MacOS 10.15 TV app

Photos

Piggybacking off the excellent Photos app refresh on iOS and iPadOS, the Photos app found in macOS Catalina provides a much better usability experience with the new Photos tab.

Unfortunately it doesn’t look like the awesome new Photos app video editing features made their way over from iOS, but perhaps Apple thinks we should stick to iMovie or Final Cut Pro X for video editing on the Mac.

Notes

The updated Notes app features a brand-new gallery view to make it easier to find specific notes. You’ll also find the ability to share folders for easy group collaboration. In addition to those changes, a new checklist features makes it easy to move completed items to the bottom of a checklist, and you can now reorder items in a list via a handy drag-and-drop.

MacOS 10.15 Notes app

Reminders

The Reminders app received a substantial upgrade on iOS and iPadOS, being completely rebuilt from the ground up. Mac users will be happy to find similar changes in macOS Catalina, paving the way for a more useful Reminders app experience.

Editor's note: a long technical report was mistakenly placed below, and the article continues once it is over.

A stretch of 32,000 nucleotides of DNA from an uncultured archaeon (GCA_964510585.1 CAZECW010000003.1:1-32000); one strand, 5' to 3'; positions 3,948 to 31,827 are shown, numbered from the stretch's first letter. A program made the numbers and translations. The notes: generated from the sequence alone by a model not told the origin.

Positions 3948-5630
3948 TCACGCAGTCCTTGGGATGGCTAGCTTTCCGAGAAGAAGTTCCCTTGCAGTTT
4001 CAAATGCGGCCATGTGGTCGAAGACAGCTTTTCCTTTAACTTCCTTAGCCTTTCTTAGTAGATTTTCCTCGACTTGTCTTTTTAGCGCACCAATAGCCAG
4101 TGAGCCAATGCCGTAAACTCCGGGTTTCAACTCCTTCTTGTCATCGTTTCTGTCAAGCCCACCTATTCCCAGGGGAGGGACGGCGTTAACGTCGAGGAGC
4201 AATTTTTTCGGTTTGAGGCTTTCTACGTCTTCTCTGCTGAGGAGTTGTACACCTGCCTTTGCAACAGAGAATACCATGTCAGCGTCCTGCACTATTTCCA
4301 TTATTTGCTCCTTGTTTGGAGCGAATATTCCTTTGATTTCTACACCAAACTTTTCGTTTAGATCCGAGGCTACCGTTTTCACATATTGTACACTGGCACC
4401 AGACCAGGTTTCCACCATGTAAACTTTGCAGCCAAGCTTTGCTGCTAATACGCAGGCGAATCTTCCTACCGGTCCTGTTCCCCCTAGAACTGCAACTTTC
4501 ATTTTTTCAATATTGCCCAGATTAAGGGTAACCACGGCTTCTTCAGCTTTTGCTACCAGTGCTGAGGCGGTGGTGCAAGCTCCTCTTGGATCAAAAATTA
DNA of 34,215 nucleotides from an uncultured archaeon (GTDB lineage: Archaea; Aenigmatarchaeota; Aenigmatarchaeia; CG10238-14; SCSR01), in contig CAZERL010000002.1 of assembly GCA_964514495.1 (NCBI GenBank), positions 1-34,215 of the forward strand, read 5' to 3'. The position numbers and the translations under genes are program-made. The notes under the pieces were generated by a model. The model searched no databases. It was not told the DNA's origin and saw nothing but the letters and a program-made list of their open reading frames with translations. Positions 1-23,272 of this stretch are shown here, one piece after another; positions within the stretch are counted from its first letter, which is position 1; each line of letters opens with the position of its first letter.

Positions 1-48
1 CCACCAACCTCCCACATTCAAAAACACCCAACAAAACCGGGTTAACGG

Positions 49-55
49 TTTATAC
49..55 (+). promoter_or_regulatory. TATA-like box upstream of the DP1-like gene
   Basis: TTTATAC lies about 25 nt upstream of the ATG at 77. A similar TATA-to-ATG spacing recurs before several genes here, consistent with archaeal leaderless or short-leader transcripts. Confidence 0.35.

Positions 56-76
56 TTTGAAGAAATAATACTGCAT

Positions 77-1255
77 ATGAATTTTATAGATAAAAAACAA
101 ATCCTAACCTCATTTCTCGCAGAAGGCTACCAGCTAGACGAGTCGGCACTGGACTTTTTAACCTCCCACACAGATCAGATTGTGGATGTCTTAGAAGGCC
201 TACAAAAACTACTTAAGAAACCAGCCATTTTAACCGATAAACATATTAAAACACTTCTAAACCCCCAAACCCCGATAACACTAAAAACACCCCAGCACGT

MacOS Catalina Reminders

A new smart list features will automatically organize your Reminders into scheduled, flagged, and upcoming Reminders, while new quick edit buttons and Siri make it easier to create reminder entries.

Safari

Safari users will find a brand-new start page that lets you quickly access frequently visited websites and favorites. Siri is even more active in macOS Catalina, automatically suggesting bookmarks, iCloud tabs, Reading List links, and even links that you receive via Messages.

MacOS Catalina Safari

Screen Time

After an exclusive appearance last year on iOS, Screen Time makes its way to the Mac in macOS Catalina. Screen Time, which aims to give users a better look at how they spend their time in front of the computer, allows you to easily monitor usage, schedule downtime, and even set limits for apps and websites. Best of all, these settings sync across all of your iCloud-enabled devices.

MacOS Catalina Screen Time

Find My

A brand new Find My app combines Find My Friends and Find My Mac into a single app interface. Now you can keep up with your devices and your friends via the same app.